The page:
7 tactics to get hired in a startup
Maragadamma R profile

Maragadamma R, Career Coach

12 Jul, 197 mins read

##“Startups are like fingerprints. No two startups are the same”

-Amit Ranjan, Digilocker

If you ever plan to move to a startup, then it’s time that you read this article which will enhance the probability of you getting engaged. You need to step out of the traditional, mojo-sucking approach and will need to stand out dramatically.

But before that, you need to have a thought process in your mind and see what fits you well. You need to break it down to your domain, interests, and experience. If you don’t think, the wrong choices will break you down!

First, start by determining if you really need a career change and if it is a yes, are you the one who will blend thoroughly in a startup?

Ask yourself the following:

1) Do you embrace chaos and don’t mind being in a constantly changing environment? 2) Are you the one who will proactively take up work and not follow the “agenda for the day”? 3) Have you ever been inspired by an entrepreneur or by a concept, which is why a startup company exists? 4) Will you thrive in the most inventive and ever-learning environment?

If you are not charged by the points mentioned above, then maybe a startup is not for you. And if you feel following the “agenda for the day” is not your cup of tea, then go on.

Pick the best-fit startup using the pointers below

  1. Select a domain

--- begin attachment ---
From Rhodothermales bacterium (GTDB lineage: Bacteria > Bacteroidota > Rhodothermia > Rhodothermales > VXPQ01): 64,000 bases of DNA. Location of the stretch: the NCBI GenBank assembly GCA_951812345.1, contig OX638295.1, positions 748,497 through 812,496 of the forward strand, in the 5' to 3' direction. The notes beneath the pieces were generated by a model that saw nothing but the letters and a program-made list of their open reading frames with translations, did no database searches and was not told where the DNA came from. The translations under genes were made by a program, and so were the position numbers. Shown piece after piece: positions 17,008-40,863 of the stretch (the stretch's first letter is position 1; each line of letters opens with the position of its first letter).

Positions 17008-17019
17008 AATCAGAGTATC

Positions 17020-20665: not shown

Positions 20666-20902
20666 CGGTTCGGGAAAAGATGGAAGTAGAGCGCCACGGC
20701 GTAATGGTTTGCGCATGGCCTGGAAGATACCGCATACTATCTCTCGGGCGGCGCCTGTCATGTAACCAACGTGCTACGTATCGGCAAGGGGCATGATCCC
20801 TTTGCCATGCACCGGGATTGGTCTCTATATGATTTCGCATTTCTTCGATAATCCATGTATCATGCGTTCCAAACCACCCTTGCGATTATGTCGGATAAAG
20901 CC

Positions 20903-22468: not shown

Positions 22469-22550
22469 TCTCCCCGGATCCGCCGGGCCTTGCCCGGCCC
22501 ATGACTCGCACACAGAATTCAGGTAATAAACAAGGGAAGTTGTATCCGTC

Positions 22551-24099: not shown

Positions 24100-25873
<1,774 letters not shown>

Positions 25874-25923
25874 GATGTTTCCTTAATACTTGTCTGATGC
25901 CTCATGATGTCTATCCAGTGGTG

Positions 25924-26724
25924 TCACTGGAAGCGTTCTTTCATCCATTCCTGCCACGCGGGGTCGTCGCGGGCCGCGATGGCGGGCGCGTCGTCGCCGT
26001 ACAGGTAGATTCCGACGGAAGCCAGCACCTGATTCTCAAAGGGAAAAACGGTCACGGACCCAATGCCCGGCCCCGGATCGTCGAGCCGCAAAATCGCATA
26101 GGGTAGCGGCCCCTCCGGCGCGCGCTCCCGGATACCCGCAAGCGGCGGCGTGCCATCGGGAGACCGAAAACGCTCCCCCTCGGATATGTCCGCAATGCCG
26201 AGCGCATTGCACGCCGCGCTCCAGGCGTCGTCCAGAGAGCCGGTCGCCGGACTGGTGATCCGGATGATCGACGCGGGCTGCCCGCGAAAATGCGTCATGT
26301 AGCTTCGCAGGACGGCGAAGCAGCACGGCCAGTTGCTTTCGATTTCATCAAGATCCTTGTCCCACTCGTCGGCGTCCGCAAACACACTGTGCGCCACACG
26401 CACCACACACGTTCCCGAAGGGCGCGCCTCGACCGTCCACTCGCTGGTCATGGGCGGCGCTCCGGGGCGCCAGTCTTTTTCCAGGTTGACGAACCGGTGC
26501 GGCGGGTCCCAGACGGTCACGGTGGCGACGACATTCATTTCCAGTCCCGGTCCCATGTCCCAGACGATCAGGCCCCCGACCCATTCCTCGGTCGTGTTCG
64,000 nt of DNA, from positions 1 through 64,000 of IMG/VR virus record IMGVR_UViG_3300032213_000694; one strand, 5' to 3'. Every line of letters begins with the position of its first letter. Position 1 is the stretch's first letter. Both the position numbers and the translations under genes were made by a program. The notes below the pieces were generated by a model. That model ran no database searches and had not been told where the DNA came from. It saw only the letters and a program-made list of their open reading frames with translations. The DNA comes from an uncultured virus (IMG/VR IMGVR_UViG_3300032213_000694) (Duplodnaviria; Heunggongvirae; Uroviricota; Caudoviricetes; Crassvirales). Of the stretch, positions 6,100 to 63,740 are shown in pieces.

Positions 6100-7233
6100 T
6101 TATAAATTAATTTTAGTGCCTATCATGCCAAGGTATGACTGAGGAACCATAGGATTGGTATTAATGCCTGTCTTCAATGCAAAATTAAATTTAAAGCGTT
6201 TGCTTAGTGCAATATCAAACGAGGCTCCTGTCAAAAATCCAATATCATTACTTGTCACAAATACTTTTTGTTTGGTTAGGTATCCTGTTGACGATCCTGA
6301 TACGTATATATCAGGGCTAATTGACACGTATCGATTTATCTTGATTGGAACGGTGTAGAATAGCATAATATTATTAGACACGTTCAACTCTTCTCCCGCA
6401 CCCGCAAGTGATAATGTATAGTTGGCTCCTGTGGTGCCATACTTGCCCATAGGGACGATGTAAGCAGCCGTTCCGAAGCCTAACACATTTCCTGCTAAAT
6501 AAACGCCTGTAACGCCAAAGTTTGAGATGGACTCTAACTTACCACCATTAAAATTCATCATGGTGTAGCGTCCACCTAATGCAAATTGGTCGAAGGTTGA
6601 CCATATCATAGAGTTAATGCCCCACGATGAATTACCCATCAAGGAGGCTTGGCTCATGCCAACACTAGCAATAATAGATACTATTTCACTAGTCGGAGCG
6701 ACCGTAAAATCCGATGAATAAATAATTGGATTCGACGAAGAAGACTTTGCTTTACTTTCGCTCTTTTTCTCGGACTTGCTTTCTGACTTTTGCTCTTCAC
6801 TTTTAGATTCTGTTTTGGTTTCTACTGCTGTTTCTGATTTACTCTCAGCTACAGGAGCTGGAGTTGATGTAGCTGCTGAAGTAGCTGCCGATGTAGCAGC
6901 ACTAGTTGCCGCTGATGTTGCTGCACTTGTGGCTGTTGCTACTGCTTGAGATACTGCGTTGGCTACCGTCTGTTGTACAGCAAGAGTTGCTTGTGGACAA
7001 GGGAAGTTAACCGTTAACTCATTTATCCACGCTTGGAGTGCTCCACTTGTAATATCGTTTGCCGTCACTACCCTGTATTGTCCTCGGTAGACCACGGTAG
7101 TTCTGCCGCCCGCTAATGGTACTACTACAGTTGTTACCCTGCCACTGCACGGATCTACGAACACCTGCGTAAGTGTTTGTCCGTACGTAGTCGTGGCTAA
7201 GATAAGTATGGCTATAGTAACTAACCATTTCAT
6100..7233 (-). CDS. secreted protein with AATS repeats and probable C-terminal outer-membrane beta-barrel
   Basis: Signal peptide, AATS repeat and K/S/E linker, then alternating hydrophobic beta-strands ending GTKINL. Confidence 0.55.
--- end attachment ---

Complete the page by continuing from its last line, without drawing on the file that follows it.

2. Choose a city
  3. Pick a startup stage
  4. Select a winner

1) Domain

Domain (or Industry) is the area in which your company is working. For e.g. Healthcare, Food tech, Automobile, Banking, etc.

Start by questioning am I a B2C or B2B type person? Should I serve the needs of large businesses or small businesses? What are three of my favorite apps on my phone? What’s my favorite product? What brand do I admire the most? What’s my favorite online service? What’s my favorite company?

If you take an example of a foodie who is a developer then he has all kinds of opportunities at startups like, Swiggy, Zomato, Fassos, etc.

2) Look at what content you fancy to indulge yourself in:

What blogs do you read? What articles in the TechCrunch capture your attention? What Wall Street articles do you skip and what do you read? What you record is always a manifestation of what you’re intellectually interested in... If you skip media business headlines and read about Pokemon Go - then maybe gaming and augmented reality are your thing.

3) Break it down to Sub-domains:

For example: In the food sector, there is healthy food or tech and supply chain in food, designing, etc. Under health care - there is IT, services, telemedicine, diagnostics, biopharma, etc.

4) Picking a City

Choosing a city for yourself, spouse, family, is not easy. So pick a city for a set of jobs, as your networks will be for that company and that city. Hence think of the values of the city and kind of startups, etc. and a future too.

Let us focus on the startup hubs in India i.e., Delhi, Bangalore, Mumbai, Hyderabad, Chennai, and Pune.

Prepare an analysis of the kind of companies and offshoots, for example, Chennai is a SaaS hub, Pune is an IT service and SaaS hub, Hyderabad has USA/India centres, Delhi is known for its b2c and Bangalore as you know it well, is tech focussed.

Points to remember while choosing a city: